It was reported to be the largest gathering of world leaders in history. The funeral services for Nelson Mandela were held in a cold rain in a soccer stadium, but a hundred thousand or so people still came out to celebrate his life and mourn his loss.
His contributions went beyond partisan politics and redefined a nation. His legacy is that South Africa is a far different country now than it was generation ago. Surely, a man this great had a tremendous influence in his life at an early age. Unfortunately, it wasn’t his father, who died when he was quite young.
That influence was the Methodist church. Mandela grew up in Clarkebury in the Eastern Cape Province of South Africa. Methodism was a key part of the culture of Clarkebury and sponsored the school where he learned to read and write. He later went to Healdtown, a Wesleyan secondary school of some repute.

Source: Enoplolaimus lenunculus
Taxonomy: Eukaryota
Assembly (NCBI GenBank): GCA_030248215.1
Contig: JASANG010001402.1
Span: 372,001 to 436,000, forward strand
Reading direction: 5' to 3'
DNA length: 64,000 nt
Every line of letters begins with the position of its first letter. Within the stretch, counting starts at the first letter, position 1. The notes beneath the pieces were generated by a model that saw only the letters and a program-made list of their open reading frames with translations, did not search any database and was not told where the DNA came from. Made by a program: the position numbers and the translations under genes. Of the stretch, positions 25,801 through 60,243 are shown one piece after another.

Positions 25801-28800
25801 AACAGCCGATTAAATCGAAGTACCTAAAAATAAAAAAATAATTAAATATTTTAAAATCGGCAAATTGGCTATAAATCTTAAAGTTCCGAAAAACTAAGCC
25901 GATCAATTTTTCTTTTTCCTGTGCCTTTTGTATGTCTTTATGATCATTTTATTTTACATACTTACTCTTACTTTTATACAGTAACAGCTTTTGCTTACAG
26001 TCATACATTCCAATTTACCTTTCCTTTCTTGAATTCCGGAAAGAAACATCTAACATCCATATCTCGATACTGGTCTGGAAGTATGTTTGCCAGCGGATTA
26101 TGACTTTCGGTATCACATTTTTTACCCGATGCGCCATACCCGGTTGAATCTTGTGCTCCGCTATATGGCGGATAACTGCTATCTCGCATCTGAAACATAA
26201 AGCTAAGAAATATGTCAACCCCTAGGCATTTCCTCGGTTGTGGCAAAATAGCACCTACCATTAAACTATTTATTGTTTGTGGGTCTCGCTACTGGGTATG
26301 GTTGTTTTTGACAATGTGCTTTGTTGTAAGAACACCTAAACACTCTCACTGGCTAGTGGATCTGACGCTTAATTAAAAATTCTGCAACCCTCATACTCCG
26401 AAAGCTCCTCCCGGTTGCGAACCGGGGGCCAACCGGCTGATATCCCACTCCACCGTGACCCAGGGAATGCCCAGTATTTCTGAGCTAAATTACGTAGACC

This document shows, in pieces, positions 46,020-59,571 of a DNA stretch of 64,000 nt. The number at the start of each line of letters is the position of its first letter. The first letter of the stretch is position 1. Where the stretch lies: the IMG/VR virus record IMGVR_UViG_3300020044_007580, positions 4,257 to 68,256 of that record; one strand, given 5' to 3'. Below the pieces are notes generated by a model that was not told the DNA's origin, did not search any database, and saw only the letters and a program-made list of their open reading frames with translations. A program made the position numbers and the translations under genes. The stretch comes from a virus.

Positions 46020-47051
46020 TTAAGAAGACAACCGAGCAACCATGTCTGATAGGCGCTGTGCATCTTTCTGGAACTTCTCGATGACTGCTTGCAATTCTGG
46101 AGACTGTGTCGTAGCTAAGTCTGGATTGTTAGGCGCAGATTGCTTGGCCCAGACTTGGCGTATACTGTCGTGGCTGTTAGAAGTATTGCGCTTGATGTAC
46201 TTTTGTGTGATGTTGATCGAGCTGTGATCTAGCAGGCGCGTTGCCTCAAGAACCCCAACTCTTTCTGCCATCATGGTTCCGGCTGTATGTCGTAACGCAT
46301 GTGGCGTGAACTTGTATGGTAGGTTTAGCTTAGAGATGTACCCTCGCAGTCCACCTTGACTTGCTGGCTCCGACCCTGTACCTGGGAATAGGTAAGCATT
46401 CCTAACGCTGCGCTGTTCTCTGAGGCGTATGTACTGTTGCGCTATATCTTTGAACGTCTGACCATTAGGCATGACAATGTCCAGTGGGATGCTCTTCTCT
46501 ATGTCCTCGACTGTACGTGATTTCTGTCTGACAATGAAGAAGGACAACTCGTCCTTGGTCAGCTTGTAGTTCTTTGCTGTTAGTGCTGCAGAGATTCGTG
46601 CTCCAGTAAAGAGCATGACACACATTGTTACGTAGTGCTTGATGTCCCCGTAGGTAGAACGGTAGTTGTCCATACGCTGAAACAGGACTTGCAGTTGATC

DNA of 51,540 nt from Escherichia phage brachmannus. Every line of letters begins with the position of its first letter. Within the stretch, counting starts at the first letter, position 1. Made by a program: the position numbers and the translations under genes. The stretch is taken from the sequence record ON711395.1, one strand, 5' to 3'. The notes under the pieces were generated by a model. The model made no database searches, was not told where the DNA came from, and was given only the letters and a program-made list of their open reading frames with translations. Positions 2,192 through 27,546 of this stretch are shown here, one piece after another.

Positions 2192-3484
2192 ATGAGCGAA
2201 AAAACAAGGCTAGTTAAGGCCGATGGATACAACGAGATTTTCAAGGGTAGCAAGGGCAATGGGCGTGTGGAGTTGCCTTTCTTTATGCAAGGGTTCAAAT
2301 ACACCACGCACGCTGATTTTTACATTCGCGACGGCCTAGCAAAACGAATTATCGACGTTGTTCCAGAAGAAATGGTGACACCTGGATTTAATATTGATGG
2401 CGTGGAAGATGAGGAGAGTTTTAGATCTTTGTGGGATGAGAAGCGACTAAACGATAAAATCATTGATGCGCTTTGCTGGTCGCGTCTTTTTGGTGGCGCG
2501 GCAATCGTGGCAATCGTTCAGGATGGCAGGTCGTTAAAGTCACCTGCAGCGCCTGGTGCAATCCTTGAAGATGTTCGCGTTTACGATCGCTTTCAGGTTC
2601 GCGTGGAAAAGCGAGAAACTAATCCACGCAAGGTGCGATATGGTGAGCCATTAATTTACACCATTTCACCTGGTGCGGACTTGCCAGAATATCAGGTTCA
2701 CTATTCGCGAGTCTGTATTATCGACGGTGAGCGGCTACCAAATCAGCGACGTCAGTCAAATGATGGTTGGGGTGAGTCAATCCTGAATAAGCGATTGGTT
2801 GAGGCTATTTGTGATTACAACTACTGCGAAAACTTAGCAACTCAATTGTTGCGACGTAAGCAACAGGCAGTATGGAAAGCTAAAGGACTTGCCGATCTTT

The next time you see Bishop Hopkins, ask him to tell the story of Mandela’s education. It’s truly amazing.
While United Methodist schools in the U.S. are rare, they are prevalent in many areas of Africa. On a recent visit to East Ohio, Shafa Seward, Volunteers in Mission Coordinator for the Liberia Annual Conference, reported that more Liberian children are educated by the United Methodist Church than by the Liberian government.
I can’t tell you for sure that somewhere in our United Methodist schools in Africa is the next Nelson Mandela, but I do know that the key to changing the world is to educate young people, give them a worldwide perspective and an understanding of their culture, good and bad, in a broader context.
I am both proud and grateful to be part of a missionary movement making this kind of impact around the world.
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